LEE COUNTY, Fla. -- We're pressing for answers in a MEDSTAR mess. Lee County's MEDSTAR helicopters are still grounded.
But millions of tax payer dollars just flew out the window. It's because a helicopter and the pilots never had proper FAA certification so they were not able to bill patients.
Only on WINK tonight you'll hear from a former pilot who says he quit because MEDSTAR put him and his family at risk.
That former MEDSTAR pilot told us internal troubles with management have been happening for years. He calls it embarrassing.
Ricky Tackett has been a pilot for since the 70s. For 25 of those years, he flew emergency medical helicopters.
But it was Lee County's MEDSTAR that forced him to hang up his flight suit. "I was thouroughly discouraged with the way things were going with management. I could have stayed another three years with MEDSTAR but I chose to retire because I didnt want to put myself any my family in jeopardy anymore," he said.
Lee Commissioners received a e-mail Thursday from Kim Dickerson. She is the county's Deputy Director of Public Safety and chief of EMS. In the e-mail she explains the MEDSTAR helicopter was not fully certified by the FAA. Meaning over the past year, they couldn't have, and shouldn't have billed patients for 79 flights.
It started with the purchase of a $2-million Bell 430 helicopter last year. Dickerson, also says in the email that both the helicopter and the pilots needed to be certified under FAA Part 135 -- which regulates air transport operations -- in order to bill medicare and medicaid for medical services rendered.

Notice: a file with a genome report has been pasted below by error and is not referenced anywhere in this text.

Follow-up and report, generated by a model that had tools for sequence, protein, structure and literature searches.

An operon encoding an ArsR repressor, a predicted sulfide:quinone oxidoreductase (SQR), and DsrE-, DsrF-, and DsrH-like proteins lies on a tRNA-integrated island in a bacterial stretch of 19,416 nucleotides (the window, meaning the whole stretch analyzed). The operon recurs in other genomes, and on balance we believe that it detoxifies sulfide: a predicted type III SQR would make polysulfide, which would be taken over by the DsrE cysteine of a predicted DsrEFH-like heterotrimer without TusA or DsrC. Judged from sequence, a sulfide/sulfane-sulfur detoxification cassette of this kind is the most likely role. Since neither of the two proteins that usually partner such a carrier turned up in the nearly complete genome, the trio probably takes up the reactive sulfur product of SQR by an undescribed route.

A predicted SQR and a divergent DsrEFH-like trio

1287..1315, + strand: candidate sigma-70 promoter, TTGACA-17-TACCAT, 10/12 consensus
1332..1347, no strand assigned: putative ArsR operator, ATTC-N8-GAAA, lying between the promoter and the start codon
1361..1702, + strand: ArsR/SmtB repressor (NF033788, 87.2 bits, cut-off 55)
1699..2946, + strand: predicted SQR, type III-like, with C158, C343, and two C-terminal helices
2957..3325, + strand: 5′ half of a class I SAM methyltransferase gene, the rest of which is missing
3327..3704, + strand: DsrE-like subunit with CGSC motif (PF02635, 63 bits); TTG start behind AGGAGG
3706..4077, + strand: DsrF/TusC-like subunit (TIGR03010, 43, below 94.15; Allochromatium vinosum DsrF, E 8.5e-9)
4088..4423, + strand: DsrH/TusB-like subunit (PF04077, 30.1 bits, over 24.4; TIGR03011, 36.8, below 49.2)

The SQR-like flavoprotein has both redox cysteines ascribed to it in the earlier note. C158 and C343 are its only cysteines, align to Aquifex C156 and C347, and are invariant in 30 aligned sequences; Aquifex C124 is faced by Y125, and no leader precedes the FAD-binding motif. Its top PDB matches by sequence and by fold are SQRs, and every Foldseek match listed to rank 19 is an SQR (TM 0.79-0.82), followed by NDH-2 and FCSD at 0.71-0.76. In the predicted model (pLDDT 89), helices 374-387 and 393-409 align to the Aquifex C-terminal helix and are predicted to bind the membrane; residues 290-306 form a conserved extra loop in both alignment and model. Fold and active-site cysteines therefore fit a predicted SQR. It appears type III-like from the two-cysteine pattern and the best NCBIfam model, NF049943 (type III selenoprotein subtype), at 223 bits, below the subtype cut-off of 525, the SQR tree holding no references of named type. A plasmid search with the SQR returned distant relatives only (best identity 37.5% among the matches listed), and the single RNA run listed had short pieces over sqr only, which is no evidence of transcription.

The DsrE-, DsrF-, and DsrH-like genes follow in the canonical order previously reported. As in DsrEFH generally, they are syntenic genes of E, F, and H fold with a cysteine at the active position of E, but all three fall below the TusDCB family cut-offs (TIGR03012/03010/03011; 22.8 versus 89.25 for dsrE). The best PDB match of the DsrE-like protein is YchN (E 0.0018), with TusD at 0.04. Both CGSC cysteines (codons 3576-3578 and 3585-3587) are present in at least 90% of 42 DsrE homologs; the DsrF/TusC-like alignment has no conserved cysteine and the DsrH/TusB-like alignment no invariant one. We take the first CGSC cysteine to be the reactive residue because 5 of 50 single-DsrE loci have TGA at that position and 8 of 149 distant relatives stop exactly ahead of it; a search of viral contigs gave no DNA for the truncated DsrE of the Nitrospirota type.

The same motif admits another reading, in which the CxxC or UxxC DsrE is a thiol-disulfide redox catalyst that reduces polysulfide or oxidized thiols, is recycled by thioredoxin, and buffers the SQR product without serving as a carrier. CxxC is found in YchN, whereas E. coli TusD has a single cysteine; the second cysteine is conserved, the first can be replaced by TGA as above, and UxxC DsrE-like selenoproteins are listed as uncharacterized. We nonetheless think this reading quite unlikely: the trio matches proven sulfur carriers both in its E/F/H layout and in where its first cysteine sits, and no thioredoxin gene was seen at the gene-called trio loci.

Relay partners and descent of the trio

When the Bell 430 first flew a medical mission in last October, neither the pilots, nor the aircraft were properly certified by the FAA so during the next four months, 39 patients flew for free without the certification, MEDSTAR couldn't charge for the flights.
The Bell 430 was finally certified for air transport on February 8 of this year. Dickerson said that's when MEDSTAR ordered billing to begin but the pilots were still not certified to fly under FAA Part 135 for air transport.
According to the e-mail, the total amount charged for the Bell 430 was nearly $3 million. The total collected was more than $320,000.
Dickerson says now, they are working to refund for the 79 flights that should not have been billed.
The taxpayers are stuck with the tab. "It wasn't the pilots and it wasnt the medics. It was management that was the problem," said Tackett.
A total of 118 medical flights were made that would never be paid for by patients and insurance. We asked Deputy Director of Public Safety Kim Dickerson why they continued to fly for free.
She admits she knew about it saying it was so the pilots could utilize their flight time for training.
So who is to blame for the loss of millions of taxpayer dollars? Dickerson blames an employee who reported to her; the former director of flight operations, and he has since been fired.